12. Doubts. I’ll never find an agent or a publisher. Maybe I should self-publish. But then I’d need to have a cover made, hire a copy-editor, and then do all the marketing once I publish it. Let me drink a cup of coffee and think about it…

How ’bout you, writers? Any thoughts on the stages of coping with your writing efforts?

Food Choices

My friend nan referred me to Mary Roach’s book, Gulp, when I wrote about how my urine tastes, and I’m in her debt. After working down through my book piles, I started reading it on Saturday. It’s one of those books that forces me to set it down to think and conduct research. I’m still reading Gulp, but it’s a fascinating read. Ostensibly about the alimentary canal, it includes much about animals and humans’ eating habits, and some of the psychology behind our food choices.

One of the early facts that she stated is that most people only eat about forty flavors. When I shared that with my wife, she asked, “Is cheese one flavor?”

Good question, right? Is an IPA the same as a porter, stout, and lager? Why, no. I drink each for the different flavors they share with me. My choices also depend on what I’m doing and eating. So, do I put down beer as one flavor choice, delineate between the different beverages, or go more deeply into what makes it all up?

These are important distinctions because my wife and I immediately set out attempting to catalog our flavors. We quickly became trapped in a ball of mud about what parts of what flavors we like. We like dark chocolate but I don’t like it overly bitter, like past seventy-two percent. She likes it a little sweeter. Is dark chocolate a flavor, or is it chocolate with sugar, with whatever else is in there?

Those of you who eat gluten-free foods probably understand what I mean, along with the folks that eat sugar-free and fat-free offerings. They taste different. They’re a different experience in my mouth and on my tongue. Some of that may be psychological. In taste tests done with white and red wine, being able to see the color makes a difference in how the flavor is interpreted and described. Likewise, tests have shown that frequently, most of the differences observed between ten dollar bottle of wine and more expensive ones are often about perceptions of quality and expense; the more that something costs, the better it’s supposed to be, right?

It’s a knotty question. The whole thing about pet food was pretty mind-blowing. According to Mary’s research and writing, most cat food tastes about the same to the animals, regardless of what the flavor is supposed to be. To which I respond, say whaaat? My cats seem to show definite preferences, preferring to eat fishy stuff — which smells fishy to me — over the chicken, and chicken over beef. None of them are impressed with “Supper Super”. Gulp claims that these preferences are mostly about my perceptions, and not the animals.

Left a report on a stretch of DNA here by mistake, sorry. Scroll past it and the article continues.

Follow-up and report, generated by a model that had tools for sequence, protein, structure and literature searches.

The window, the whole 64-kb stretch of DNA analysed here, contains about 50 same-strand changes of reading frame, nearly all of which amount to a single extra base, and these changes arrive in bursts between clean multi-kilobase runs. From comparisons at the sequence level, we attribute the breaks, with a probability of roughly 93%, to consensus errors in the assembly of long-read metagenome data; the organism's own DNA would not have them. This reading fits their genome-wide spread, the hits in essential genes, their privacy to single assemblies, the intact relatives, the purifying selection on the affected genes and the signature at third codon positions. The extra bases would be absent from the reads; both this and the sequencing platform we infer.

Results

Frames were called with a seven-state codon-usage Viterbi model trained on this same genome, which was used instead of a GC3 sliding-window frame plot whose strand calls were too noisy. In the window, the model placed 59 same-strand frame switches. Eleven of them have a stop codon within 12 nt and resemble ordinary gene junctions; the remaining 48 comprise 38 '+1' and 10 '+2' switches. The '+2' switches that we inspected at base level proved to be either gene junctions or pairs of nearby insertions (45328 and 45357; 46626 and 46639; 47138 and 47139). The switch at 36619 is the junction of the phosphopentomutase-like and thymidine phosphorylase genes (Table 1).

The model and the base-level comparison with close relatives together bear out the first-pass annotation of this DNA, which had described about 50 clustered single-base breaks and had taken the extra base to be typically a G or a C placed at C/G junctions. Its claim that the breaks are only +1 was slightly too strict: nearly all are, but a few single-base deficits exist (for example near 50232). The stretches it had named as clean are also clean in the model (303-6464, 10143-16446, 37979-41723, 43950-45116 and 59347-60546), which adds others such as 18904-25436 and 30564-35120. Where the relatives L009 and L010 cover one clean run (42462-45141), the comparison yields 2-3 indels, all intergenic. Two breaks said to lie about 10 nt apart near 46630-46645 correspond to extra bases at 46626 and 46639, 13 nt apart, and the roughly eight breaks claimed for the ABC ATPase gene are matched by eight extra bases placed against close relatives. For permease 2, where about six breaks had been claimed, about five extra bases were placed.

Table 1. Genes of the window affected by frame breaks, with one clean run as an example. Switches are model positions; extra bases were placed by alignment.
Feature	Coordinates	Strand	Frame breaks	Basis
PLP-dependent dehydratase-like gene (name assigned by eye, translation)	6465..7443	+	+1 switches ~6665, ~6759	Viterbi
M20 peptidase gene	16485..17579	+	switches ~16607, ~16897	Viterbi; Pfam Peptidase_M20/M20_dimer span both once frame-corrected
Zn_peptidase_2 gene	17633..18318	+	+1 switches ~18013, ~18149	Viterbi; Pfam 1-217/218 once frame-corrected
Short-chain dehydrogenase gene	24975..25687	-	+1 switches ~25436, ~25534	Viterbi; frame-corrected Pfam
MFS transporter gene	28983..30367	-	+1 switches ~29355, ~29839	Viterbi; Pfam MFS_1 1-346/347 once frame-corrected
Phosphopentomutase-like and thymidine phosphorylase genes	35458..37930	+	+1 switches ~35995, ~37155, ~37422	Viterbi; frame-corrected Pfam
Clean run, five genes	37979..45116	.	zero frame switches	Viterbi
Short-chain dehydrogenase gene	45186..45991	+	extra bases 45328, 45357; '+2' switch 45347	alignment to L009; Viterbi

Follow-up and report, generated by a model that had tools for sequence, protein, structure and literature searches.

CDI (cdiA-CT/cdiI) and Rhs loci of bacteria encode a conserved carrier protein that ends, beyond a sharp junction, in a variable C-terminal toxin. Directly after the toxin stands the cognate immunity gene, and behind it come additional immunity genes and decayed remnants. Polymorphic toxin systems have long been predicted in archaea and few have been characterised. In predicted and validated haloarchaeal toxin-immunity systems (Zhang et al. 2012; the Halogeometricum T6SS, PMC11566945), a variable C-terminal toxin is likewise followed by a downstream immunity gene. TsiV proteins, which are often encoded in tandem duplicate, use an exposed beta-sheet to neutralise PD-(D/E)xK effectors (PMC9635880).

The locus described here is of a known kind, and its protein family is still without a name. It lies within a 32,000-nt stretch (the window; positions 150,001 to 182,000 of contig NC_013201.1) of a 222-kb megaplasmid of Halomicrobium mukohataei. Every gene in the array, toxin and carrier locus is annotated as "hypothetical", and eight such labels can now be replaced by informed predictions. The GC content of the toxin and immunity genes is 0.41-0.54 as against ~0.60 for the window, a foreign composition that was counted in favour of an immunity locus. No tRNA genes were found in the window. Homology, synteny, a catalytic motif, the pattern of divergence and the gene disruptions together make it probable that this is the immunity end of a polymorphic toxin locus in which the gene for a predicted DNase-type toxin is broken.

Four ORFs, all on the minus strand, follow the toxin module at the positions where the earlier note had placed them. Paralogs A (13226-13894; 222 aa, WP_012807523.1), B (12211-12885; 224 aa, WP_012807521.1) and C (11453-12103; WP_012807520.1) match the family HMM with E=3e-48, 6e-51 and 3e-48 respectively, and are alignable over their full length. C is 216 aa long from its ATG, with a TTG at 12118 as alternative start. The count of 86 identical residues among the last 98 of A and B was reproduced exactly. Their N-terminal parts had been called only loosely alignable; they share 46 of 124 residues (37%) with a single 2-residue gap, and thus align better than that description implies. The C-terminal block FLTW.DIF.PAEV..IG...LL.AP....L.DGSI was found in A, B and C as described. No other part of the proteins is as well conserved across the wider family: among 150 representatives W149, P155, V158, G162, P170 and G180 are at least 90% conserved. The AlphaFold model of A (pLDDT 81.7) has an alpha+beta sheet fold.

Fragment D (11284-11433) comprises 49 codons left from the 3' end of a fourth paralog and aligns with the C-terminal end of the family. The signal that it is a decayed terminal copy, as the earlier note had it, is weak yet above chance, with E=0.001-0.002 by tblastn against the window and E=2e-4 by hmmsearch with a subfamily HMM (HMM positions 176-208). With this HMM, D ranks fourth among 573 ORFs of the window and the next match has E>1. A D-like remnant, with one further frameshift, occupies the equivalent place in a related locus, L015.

It could be that I’m reading the whole thing wrong, or mis-interpreting the data. It does explain the waffle and fried chicken cat treats that have arrived. It’s not that the animals like waffles and chicken, but we, their owners, think that they’ll enjoy them.

The book fascinates me, too, because of the connections between tasting food and smell, and our brains’ acceptance about what is not good for us. I’m often smelling things and trying to analyze what I’m smelling, a process that I call, “What the hell is that smell?” My wife does the same. This leads to a game at our household that goes like this:

Her: “Do you smell that?”

Me: “You need to tell me what you mean. I smell many things.”

“That smell.”

“Again…”

“It smells like cat piss.”

“No, I don’t smell that.”

Sniffing the air, furniture, and carpet, we start looking around the area to see if it looks like a cat has pissed where they shouldn’t.

Me: “Maybe it’s the litter box.”

“It smells too strong. It smells like it’s right beside me.”

“Maybe a cat peed on your clothes. Are they wet?”

“I think I’m going to go change.”

Me: “I don’t smell cat piss, but I do smell someone’s marijuana crop. Or maybe it’s a skunk. Do you smell a skunk?”

The game goes on forever, it seems like.

I’ll keep reading Gulp. If more is explained, than I’ll come back and read another post.

That’s just the way it goes.

 

 

Book Light

She loved reading books, and not just reading them, but researching what to read next, talking about her reads with her friends and family, and prowling book stores with her book list in her hand. Non-fiction, fantasy, young adult, historic novels, mysteries…they were all on her list. She read everyday, often reading four or five books a week. Finding a new author that she enjoyed was her greatest pleasure.

Then her mother died, her mother, who’d always encouraged her to read, introducing her to The Three Detectives series and Nancy Drew Mysteries, her mother, whose idea of a day out was taking her girls to the public library, where each was allowed to check out one book.

With her mother gone, she no longer wanted to read. It was like her book light had gone out, and would not come back on.

Floofworm

Floofworm (floofinition) – a housepet who manages to worm themselves into every activity.

In use: “He laid down to read but before a paragraph was red, a floofworm jumped up, edging onto his chest and blocking his view of the book.”

Create a free website or blog at WordPress.com.

Up ↑

%d bloggers like this: